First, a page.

Posts Tagged “Siemens”

With lots of GPRS modem applications, data needs to be stored inside the modem itself. A while ago we saw how to create files inside the GPRS modem’s Flash memory, so it was working as if it were a disk drive.

What type of applications? Well for example, it could be a datalogger, a GPS tracker or any other application that needs to keep a log (a file) that has certain data collected periodically. Obviously if we are working with GPRS modems, it’s to transmit data at some point. When it’s time to transmit the data stored in the modem to a central server via GPRS, compressing data before sending it could be quite interesting depending on the size of the data file that we are working with.

Why would sending compressed data be interesting?

For two reasons. One to save time in the sending process. The other is for economic reasons, remember that in most cases telephone operators charge for traffic volume i.e. the more data you transmit, the more you pay.

compression-j2me
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And how do you compress files with J2ME?

Well the first thing that usually occurs to all of us is we start looking to see if J2ME has a class that can help us with this task. Regrettably you soon realize that there isn’t, J2ME doesn’t have these classes due to its limitations (remember that J2ME is designed for devices with little resources). Instead, J2SE (Java Standard Edition) has classes. With the complete Java edition you only have to use the java.util.zip package to manage compressed files easily. After seeing this, the next thing that occurs to us is “ok, I am going to see if I can adapt these J2SE classes to try and make them work with J2ME”. But after a few wasted hours of trying, you realize it’s not going to be an easy task as certain native Zlib classes are used.

So you investigate alternatives…  There’s not a lot on the internet when you Google about J2ME compression and there’s a lot less if we search for something related to compression and GPRS modems, so I think that internet users will land on this post. So after searching for a while, you find project JZLib (on the web http://www.jcraft.com/jzlib/), which is a free software project where you can re-implement ZLIB. You can get all the information that you want about this site, I won’t go into details.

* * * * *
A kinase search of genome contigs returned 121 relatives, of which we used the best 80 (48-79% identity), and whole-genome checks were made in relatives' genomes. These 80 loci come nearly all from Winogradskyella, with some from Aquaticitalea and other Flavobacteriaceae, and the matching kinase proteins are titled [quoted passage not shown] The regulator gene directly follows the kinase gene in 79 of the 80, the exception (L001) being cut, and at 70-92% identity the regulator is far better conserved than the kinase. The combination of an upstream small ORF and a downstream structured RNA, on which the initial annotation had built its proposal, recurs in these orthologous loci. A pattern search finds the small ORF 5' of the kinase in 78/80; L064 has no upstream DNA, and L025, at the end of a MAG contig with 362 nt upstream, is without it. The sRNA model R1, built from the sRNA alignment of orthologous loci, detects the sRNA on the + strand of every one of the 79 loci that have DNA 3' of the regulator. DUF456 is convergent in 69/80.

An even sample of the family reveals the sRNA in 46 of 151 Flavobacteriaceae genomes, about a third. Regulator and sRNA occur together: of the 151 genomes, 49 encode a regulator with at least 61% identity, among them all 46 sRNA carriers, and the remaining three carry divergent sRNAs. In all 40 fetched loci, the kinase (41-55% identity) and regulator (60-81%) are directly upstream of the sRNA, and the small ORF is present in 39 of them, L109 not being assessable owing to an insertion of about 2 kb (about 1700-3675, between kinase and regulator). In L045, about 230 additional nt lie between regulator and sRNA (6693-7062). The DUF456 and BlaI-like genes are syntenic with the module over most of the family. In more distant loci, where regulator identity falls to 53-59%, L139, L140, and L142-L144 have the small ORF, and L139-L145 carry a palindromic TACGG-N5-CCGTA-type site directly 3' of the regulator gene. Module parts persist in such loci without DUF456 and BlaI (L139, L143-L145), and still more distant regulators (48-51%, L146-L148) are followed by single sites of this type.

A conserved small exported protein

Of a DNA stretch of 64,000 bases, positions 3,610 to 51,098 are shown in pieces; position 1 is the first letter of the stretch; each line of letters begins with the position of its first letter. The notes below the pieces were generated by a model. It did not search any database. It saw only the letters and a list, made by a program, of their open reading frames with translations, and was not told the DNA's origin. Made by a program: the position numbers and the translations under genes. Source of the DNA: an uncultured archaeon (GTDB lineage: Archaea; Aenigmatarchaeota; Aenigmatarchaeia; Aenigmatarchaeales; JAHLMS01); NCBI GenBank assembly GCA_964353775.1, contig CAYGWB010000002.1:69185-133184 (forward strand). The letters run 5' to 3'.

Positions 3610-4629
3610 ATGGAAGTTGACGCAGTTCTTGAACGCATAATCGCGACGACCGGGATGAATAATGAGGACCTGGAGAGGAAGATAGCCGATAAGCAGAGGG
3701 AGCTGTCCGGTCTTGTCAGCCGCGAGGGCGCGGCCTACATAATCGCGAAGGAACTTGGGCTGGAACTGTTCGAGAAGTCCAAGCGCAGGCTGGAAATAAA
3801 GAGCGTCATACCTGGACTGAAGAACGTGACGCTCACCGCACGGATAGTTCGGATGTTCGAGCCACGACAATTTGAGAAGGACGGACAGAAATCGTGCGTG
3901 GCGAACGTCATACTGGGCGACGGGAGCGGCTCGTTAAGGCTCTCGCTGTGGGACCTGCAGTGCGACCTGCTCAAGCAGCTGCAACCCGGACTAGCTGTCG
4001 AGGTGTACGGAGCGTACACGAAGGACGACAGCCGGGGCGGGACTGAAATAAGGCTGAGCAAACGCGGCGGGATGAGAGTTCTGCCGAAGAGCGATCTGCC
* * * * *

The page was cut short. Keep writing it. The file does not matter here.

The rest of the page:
And does it work? Can you compress files inside the modem using this software library?

Well yes, it works. :)

I’ll post a little Java example that works with a TC65 or MTX65 modem. You can download it by clicking here.

The example basically compresses the text: “en la granja de mi tia iaiaooooooooooooooooooooooooo” :) (equivalent to Old McDonald had a farm in English) and it saves the final result i.e. it saves the compressed text in a file (in the modem’s internal Flash memory) with the name “data.z”. If you see the project’s source code, you can see that I’ve put all of the .java files from the compression library in the same project. Obviously it could have been used as a library but I didn’t want to cause any confusion and you can test out the example without any difficulties.

It works! I’ve compressed the test in a file. But if then if I remove the modem’s compressed file with MES and I put it on my PC, can I not unzip it with WinZip?

No it won’t work with WinZip as a file with just compressed data has been created i.e. ZLIB compresses the file but if you want to use WinZip you will have to build the ZIP files structures, with the headers and everything else. (http://www.pkware.com/products/enterprise/white_papers/appnote.html).

Whew, ZIP headers are difficult. Can I not decompress the files in any other way?

Well yes, with a Zlib decompressor. But I will put that in a post in a few days time (probably Sunday). I will also try to include a little program made in VB6 (with a source code that you can use of course) which is able to unzip files made by the modem. That way you will have everything you need in order to compress a file with a modem, send it via GPRS and decompress it afterwards using our server.

Well I hope that you found the post interesting and that it’s useful to you one day. I’m going to have dinner now. ;)

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If you make applications with GPRS modems, a lot of the time you will encounter the problem that IP addresses, which are assigned by the network operator, are dynamic.

What’s a dynamic IP? It means that every time one of your modems connects to the GPRS network, the operator will give it a different IP address.

For a lot of applications it won’t matter. For example if I have a modem that collects data from a datalogger and the modem sends the data to a central server via GPRS at the end of the day, it doesn’t matter if the modem’s IP address is dynamic. So in this case it’s the modem that makes the connection to the central server (which must have a fixed IP address or a DNS at least).

dyndns

 

The problem arrives when we want to work with GPRS modems in server mode i.e. with modems that are permanently connected to GPRS and are listening to a specific TCP port waiting for incoming connections (typical remote maintenance). In this situation you need to know the modem’s IP address. There are various solutions to resolve this problem. I will talk about one of them today – DynDns service.

With DynDns you can assign a specific IP address to a DNS for free. To do this, you just have to open an account ww.dyndns.org.

Let’s look at a concrete example.

I’m not going to give you an example with Java instead we are going to look at it with AT commands. Doing it with Java (from the following) is practically that same as using the ATCommand class.

Imagine that we have created our own account in DynDns.org with the following data:

DNS server: members.dyndns.org
Host: blogelectronica.dyndns.org
Login: mylogin
Password: myPassword
Current IP: 80,100,101,102 (the IP assigned by the operator)

What I want to achieve with the modem is that the blogelectronica.dyndns.org address points to the IP address 80.100.101.102 (which was assigned by my operator at a given time). This means that if do a ping from my PC to blogelectronica.dyndns.org it will have the same response if I do a ping to 80.100.101.102.